Firms introduce new managerial practices to increase productivity, improve quality, and maintain competitiveness (Mol & Birkinshaw, 2009). This type of innovative activity is generally known as management innovation (Damanpour & Aravind, 2012), which Birkinshaw, Hamel and Mol (2008:825) define as “the invention and implementation of a management practice, process, structure or technique that is new to the state of the art and is intended to further organizational goals”. In addition to the original development of new managerial practices, the concept of management innovation also includes the successful implementation of managerial practices that are new to an adopting organization (Damanpour & Schneider, 2006; Mol & Birkinshaw, 2009). The list of management ideas that organizations have experimented with is long (for an overview: Birkinshaw et al.,

2008) and includes well-known quality improvement programs such as total quality management, six sigma, and lean management.

However, introducing new managerial practices can be difficult and not all firms are equally successful. For example, General Electric encountered more difficulties in the introduction of Six Sigma than did Motorola (Ansari, Fiss, & Zajac, 2010). Klein and Sorra (1996) argue that these difficulties are attributable either to the innovation itself, or to the implementation process. Given the success of Six Sigma in many cases, what distinguishes successful from less successful adoptions would seem to be the implementation process.

Researchers have identified different phases in this process (Damanpour & Aravind, 2012).

For instance, Hage and Aiken (1970) distinguish between evaluation, initiation, implementation, and routinization. These phases apply to different types of innovations.

What varies, however, is who initiates the implementation process. While technical innovations are often initiated at the operating core and follow a bottom-up implementation process, management innovation typically is launched at top management level and follows a top-down process (Daft, 1978). Senior management thus plays a decisive role in the implementation of a new management concept involving technical, cultural, and political challenges (Ansari et al., 2010; Canato, Ravasi, & Phillips, 2013). Despite these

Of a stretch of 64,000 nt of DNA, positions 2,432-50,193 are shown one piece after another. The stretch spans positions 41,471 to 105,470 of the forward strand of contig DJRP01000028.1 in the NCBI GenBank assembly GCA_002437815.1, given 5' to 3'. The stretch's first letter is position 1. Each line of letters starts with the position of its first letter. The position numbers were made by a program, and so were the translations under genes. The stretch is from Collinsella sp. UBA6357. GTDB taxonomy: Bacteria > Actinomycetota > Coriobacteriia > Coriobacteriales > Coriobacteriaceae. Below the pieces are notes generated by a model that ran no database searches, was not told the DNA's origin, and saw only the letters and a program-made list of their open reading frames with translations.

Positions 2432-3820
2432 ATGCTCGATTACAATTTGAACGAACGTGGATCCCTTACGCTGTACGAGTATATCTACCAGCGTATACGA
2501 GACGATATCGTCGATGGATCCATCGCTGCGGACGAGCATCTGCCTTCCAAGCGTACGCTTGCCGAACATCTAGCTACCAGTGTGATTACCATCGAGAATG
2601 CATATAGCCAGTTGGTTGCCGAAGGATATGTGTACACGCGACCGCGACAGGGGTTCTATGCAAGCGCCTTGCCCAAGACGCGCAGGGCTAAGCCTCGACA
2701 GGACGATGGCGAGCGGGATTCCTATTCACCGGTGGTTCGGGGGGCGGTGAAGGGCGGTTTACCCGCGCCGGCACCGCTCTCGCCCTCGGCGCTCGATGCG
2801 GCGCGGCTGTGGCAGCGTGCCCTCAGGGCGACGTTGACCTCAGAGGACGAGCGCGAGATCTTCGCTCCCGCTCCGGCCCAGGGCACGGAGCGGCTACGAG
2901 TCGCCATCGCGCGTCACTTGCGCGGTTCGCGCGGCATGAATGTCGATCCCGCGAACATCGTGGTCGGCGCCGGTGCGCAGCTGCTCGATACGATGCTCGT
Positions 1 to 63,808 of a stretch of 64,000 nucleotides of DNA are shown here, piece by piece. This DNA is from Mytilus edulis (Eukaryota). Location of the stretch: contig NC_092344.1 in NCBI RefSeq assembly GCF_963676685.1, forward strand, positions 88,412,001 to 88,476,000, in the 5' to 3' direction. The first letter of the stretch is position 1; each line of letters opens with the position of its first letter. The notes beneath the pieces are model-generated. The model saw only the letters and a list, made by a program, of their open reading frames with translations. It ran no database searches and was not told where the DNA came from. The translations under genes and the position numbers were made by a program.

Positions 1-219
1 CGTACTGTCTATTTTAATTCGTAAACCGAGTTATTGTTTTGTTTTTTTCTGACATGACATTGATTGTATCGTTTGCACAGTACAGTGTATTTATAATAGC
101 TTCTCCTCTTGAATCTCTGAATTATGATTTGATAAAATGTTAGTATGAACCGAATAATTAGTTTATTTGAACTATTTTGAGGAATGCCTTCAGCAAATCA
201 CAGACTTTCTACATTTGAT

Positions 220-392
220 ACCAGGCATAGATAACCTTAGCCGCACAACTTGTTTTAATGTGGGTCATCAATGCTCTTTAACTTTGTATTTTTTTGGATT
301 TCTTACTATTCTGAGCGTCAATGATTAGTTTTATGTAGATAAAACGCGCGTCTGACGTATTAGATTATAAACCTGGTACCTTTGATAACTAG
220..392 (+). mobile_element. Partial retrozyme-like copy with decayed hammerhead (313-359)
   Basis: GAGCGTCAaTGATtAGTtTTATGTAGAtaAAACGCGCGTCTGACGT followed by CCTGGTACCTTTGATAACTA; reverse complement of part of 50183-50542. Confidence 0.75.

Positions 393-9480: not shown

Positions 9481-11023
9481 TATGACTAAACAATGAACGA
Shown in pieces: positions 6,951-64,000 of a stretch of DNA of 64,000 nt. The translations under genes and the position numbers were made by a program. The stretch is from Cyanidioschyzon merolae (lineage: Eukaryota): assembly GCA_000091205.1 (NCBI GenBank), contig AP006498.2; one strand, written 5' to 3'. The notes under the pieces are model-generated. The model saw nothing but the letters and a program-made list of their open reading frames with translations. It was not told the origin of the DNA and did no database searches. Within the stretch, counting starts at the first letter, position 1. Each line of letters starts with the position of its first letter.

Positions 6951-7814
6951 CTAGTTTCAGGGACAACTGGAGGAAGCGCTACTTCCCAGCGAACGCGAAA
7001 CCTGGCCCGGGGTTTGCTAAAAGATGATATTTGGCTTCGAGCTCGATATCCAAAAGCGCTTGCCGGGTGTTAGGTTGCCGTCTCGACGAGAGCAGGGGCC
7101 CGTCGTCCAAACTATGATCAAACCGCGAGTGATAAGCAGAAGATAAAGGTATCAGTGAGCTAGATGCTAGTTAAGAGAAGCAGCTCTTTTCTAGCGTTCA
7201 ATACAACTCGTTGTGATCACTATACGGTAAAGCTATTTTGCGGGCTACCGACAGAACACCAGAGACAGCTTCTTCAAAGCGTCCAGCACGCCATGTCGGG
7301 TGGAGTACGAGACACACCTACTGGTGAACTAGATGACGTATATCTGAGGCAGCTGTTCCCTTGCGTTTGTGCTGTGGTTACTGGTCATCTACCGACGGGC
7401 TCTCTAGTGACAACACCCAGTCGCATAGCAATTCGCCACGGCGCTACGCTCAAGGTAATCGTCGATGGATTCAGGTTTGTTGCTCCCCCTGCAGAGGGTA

-1omnipresent challenges, the implementation of management innovation has received much less attention than the implementation of technological innovation (Mol & Birkinshaw, 2009), and the literature on this area is in its early stage (Damanpour & Aravind, 2012).

This dissertation is a modest attempt to shine some light on the implementation of managerial practices and enhance understanding of the adoption process.

This doctoral research studies the implementation of managerial practices in the context of research and development (R&D). In particular, I look at five companies that introduced lean management tools and techniques in their new product development (NPD) in order to create a lean product development (LPD) organization. In so doing, these companies transformed their existing NPD capabilities into LPD capabilities (Figure 1).

Figure 1: General framework

Winter (2003:991) defines organizational capability as follows: “An organizational capability is a high-level routine (or collection of routines) that, together with its implementing input flows, confers upon an organization’s management a set of decision options for producing significant outputs of a particular type”. Consequently, transformation of an organizational capability involves acquisition, modification, and rejection of routines (Lavie, 2006). Thus, the concept of capability transformation provides an excellent framework to study management innovation since new managerial practices build on, modify, and complement existing routines rather than substituting for them. My interest is especially in the learning processes that facilitate the acquisition and modification of routines to enable the transformation of organizational capabilities and is

guided by the following research question:

What are the learning mechanisms that enable the transformation of organizational capabilities?